President Janos Ader said he would sign the fourth amendment to Hungary’s constitution, speaking on public M1 television late on Wednesday.
Ader said in a pre-recorded, televised speech from his Sandor palace, that he had made his decision in view of his promise that as president of Hungary he would carry out the responsibilities conferred on him by the constitution without fail.
“It is my unequivocal constitutional duty to sign and declare this constitutional amendment as law. This is regardless of whose tastes the changes meet and regardless of whether I like it or not,” he said.
He said he had spent many hours over the past few days scrutinizing the opinions and argument which appeared in the press over the fourth amendment. He read letters, messages and the “clever and sometimes indignant and politically-charged arguments of experts”.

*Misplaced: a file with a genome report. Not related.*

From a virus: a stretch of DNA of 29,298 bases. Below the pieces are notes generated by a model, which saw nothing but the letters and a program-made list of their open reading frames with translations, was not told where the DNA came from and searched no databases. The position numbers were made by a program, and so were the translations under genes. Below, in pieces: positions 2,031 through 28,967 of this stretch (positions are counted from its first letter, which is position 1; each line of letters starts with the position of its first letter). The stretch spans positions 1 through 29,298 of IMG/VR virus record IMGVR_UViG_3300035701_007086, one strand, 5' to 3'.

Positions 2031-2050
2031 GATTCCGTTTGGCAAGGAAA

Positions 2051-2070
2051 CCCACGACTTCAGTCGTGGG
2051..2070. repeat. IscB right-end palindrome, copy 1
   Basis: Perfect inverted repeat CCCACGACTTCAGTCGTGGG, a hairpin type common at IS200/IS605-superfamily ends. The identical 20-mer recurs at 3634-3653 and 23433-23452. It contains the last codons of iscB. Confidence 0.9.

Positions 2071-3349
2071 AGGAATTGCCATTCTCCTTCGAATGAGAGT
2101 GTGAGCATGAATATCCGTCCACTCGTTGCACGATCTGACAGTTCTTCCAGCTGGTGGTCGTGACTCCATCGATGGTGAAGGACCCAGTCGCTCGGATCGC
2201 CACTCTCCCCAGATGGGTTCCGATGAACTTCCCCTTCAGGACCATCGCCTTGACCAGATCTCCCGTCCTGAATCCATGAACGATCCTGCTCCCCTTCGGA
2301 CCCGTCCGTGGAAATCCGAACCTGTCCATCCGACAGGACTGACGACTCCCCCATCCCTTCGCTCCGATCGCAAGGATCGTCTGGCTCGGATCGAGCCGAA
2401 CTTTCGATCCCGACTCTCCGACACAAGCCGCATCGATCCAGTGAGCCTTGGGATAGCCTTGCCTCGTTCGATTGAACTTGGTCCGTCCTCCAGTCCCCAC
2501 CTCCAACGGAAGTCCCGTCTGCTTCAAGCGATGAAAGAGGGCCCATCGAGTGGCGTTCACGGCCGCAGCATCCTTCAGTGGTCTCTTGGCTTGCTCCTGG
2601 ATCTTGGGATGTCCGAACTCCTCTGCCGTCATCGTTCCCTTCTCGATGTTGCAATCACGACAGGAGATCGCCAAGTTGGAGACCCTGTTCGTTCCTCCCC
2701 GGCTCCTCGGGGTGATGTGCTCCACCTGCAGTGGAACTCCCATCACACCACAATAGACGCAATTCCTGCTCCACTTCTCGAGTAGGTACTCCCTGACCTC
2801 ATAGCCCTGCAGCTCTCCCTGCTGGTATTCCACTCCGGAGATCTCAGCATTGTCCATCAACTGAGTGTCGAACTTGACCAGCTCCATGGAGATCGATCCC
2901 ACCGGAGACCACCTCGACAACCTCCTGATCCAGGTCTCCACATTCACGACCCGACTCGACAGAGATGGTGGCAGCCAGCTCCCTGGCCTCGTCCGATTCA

“I was guided by the single goal which is in harmony with my presidential oath: to represent the constitutional order and the unity of the nation,” he said.
“The president of the republic must not simply act above party politics, he must always stand by his political nation at all times and in everything,” he added.
A state governed by the rule of law is such because its laws and constitution is observed by all, including and especially the president, Ader said.
If the president decided that it was permissible to step on an unconstitutional path, it would only bring the consequence of chaos and lawlessness, which nobody wants, he said.
He said that at the moment of being elected he had made it clear: if he receives 100 good laws, he signs 100 good laws. If he receives 100 bad laws, he will send back 100 to parliament for revision.
He said regardless of the weight each party may have in parliament everyone is equally responsible for the fate of the nation, its good reputation and credibility.